JIS Workshop on Robotic Process Automation (RPA) Research: Views from RPA Industry Leaders and AIS Researchers

Workshop Description and Objectives



Workshop Recording

Workshop Q & A

Workshop Description and Objectives:

The aim of this workshop is to bring together Accounting Information Systems (AIS) researchers, representatives from leading RPA product and service providers, RPA users and practitioners working with or considering working with RPA, to have a conversation on RPA related challenges and research opportunities.

We hope through the interaction to achieve the following objectives: First, provide an opportunity for RPA software, implementation firms and users to articulate some of the issues/challenges they face. Second, provide an opportunity to researchers interested in these topics/ideas to start exploring the possibility of collaboration with practitioners on addressing these research questions. Third, convert these research topics/ideas into a call for papers for a special issue of JIS on the topic of RPA in order to expand our understanding of this growing area of activity.


The IEEE Corporate Advisory Group (IEEE 2017) describes robotic process automation (RPA) as an instance of preconfigured software that uses a combination of business rules and predefined “activity choreography” to complete a series of tasks on one or more software systems. In simple terms this means that while RPA is like recorded macros in Excel, it can be configured to perform tasks based on different systems. For example, it can read emails and trigger responses, open PDFs and use OCR to read contracts, login into ERP systems to read/write data, leverage human-supervised machine learning (ML) to identify non-explicit rules, or enable customers to interact directly with systems via chatbots (Moffitt et al. 2018; Plattfaut 2019; Miers et al. 2019).

State of Adoption:

Approaching the RPA from both the supply side (firms involved in the delivery of RPA solutions) and demand side (firms investing in RPA initiatives) there is ample evidence that the market is vibrant. According to Gartner’s 2019 report, RPA is the fastest growing software segment with an annual growth of 63% (Miers et al. 2019). A 2019 survey (Protiviti 2019) has shown that relatively large companies (i.e., companies with sales of a billion dollars or more) have been investing between $10-$20 million per year in RPA projects and this is likely to continue in the near future. Respondents in the Protiviti (2019) survey reported that this spending is motivated by expected benefits in increased productivity, better product quality, and strong competitive market position. However, the success of these investments is hindered by inability to prioritize potential projects and pursue the best applications.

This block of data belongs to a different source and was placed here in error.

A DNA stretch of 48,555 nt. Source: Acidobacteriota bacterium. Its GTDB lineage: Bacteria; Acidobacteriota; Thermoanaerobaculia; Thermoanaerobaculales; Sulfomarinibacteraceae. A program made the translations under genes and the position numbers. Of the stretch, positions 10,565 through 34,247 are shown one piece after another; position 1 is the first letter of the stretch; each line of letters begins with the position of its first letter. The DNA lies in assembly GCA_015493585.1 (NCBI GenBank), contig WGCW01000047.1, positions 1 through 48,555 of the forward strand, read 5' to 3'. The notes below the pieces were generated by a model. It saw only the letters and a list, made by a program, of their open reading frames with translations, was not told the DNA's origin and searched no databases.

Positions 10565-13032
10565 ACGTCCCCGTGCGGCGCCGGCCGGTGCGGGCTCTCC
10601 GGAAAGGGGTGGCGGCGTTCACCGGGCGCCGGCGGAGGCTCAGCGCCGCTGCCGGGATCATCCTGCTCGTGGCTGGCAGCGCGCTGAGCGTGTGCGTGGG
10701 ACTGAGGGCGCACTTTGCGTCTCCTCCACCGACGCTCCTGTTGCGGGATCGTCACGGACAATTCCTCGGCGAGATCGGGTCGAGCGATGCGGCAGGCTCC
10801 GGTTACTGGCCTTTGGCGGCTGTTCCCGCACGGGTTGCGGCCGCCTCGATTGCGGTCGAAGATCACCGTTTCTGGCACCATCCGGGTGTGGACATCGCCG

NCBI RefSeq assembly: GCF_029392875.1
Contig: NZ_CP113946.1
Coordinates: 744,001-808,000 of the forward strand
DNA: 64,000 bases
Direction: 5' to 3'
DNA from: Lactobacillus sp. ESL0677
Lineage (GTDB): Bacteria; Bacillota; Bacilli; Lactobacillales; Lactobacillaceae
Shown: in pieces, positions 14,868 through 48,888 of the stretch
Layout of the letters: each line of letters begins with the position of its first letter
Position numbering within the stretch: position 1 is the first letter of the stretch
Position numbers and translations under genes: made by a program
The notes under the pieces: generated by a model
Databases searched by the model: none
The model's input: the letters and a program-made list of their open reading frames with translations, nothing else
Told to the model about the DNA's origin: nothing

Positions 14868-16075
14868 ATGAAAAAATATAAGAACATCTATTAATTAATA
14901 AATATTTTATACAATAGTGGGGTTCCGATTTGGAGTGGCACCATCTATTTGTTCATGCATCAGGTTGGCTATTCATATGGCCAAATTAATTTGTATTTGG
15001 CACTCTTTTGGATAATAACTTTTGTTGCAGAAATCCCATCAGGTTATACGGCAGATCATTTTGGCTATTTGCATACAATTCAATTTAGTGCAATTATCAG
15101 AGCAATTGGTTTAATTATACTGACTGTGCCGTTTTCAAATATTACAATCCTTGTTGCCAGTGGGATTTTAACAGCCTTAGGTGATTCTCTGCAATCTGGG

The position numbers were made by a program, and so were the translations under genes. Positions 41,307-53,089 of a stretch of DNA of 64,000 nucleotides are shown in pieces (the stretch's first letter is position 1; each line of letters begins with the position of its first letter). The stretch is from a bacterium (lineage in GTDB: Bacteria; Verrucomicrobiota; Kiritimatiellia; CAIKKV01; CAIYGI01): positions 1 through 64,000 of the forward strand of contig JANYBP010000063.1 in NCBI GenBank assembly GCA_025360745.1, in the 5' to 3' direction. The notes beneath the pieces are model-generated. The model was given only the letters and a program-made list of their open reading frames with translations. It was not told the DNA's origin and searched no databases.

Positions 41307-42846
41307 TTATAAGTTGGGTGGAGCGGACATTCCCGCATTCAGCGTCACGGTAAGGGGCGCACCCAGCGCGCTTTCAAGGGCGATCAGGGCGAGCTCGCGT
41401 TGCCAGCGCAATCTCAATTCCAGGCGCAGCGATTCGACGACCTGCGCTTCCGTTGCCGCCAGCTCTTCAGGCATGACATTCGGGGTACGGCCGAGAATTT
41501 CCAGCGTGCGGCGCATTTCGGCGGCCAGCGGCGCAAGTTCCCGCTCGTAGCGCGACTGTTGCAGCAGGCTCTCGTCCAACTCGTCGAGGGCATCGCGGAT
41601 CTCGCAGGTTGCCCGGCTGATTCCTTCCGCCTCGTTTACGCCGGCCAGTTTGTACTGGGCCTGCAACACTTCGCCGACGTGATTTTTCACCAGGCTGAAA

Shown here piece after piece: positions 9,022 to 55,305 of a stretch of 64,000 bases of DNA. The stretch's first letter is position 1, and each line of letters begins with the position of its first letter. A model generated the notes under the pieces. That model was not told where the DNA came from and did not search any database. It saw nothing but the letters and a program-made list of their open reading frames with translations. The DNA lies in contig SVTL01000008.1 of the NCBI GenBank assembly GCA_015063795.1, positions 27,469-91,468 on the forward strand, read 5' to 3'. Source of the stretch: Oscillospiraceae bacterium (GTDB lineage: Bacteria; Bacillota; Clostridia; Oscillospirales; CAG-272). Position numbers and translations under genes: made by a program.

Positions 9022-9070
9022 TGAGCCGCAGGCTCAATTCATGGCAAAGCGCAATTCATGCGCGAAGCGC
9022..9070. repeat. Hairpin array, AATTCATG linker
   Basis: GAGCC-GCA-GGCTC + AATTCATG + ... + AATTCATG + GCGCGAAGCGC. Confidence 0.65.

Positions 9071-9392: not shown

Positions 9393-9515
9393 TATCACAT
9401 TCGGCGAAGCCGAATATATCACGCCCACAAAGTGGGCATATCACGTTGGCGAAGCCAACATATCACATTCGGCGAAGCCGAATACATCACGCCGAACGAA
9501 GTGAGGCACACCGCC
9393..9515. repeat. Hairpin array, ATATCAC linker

A Gartner report (Miers et al. 2019) focuses on several misconceptions and challenges associated with RPA; for example: 1) RPA adoption is not likely to lead to labor cost reduction, because the firms tend to refocus employees towards more value adding activities. Cooper et al. (2019) corroborate this based on feedback from accounting firms. 2) RPA is not suitable for automating lengthy processes. It is more suitable for processes that last just a couple of seconds. For lengthy processes, intelligent business process management systems (iBPMS) are more appropriate. 3) RPA is just one tool, rather than the only tool, in the automation toolbox. RPA should be seen as a complement of other tools as iBPMS and process mining. 4) Use of RPA has been described as “long-term technical debt” as it binds the organization to legacy systems.  5)  While some vendors claim that that their software contains machine learning (ML) algorithms, there is relatively little room for leveraging ML in the core of RPA.

Research Opportunities:

The state of diffusion of an emerging technology determines “what types of research questions we can address, what research data is available and what methodologies are available to study a technology and its uses” (O’Leary 2008, 241). The 2019 Gartner Hype Cycle does not include RPA in its list of technologies tracked by Gartner.[1] However, in a local version of the Hype Cycle (Dubai, AEE), RPA software is shown in the trough of disillusionment.[2] O’Leary argues that during this stage, information about the technology is likely to be limited. Therefore, research would mostly focus on implementation issues and limitations of the technology.

Research at the intersection of RPA and accounting has been relatively active. For example, Moffit et al., (2018) have examined the use of RPA in audit and suggested several research topics, including challenges of RPA implementation and how to address them. The study by Kokina and Blanchette (2019) leverage feedback from RPA adopters to analyze implementation issues and performance outcomes. Organizations benefit from automating rules-based, well-structured processes with digital inputs. The primary benefits include cost savings, improved process documentation, lower error rates, more accurate measurement of process performance, and better report quality. Two recent studies (Cooper et al. 2019; Cooper et al. 2020) have examined RPA implementations among the Big 4 accounting firms. While the former looked at the RPA leaders within the accounting firms to gain insights into how RPA software is currently being used, the latter examined how both firm leaders and lower-level employees perceive and respond to RPA. While both groups agree on the positive effects of RPA on employee performance and career prospects, only firm leaders believe RPA will improve work satisfaction.


  • The workshop will be held on Friday, September 25 from 1-4 pm.
  • It will be offered through the University of Waterloo over Webex.
  • Advance registration is required. Registration will open soon. Until the registration page is open please send us an email indicating your interest so that we have it in our records.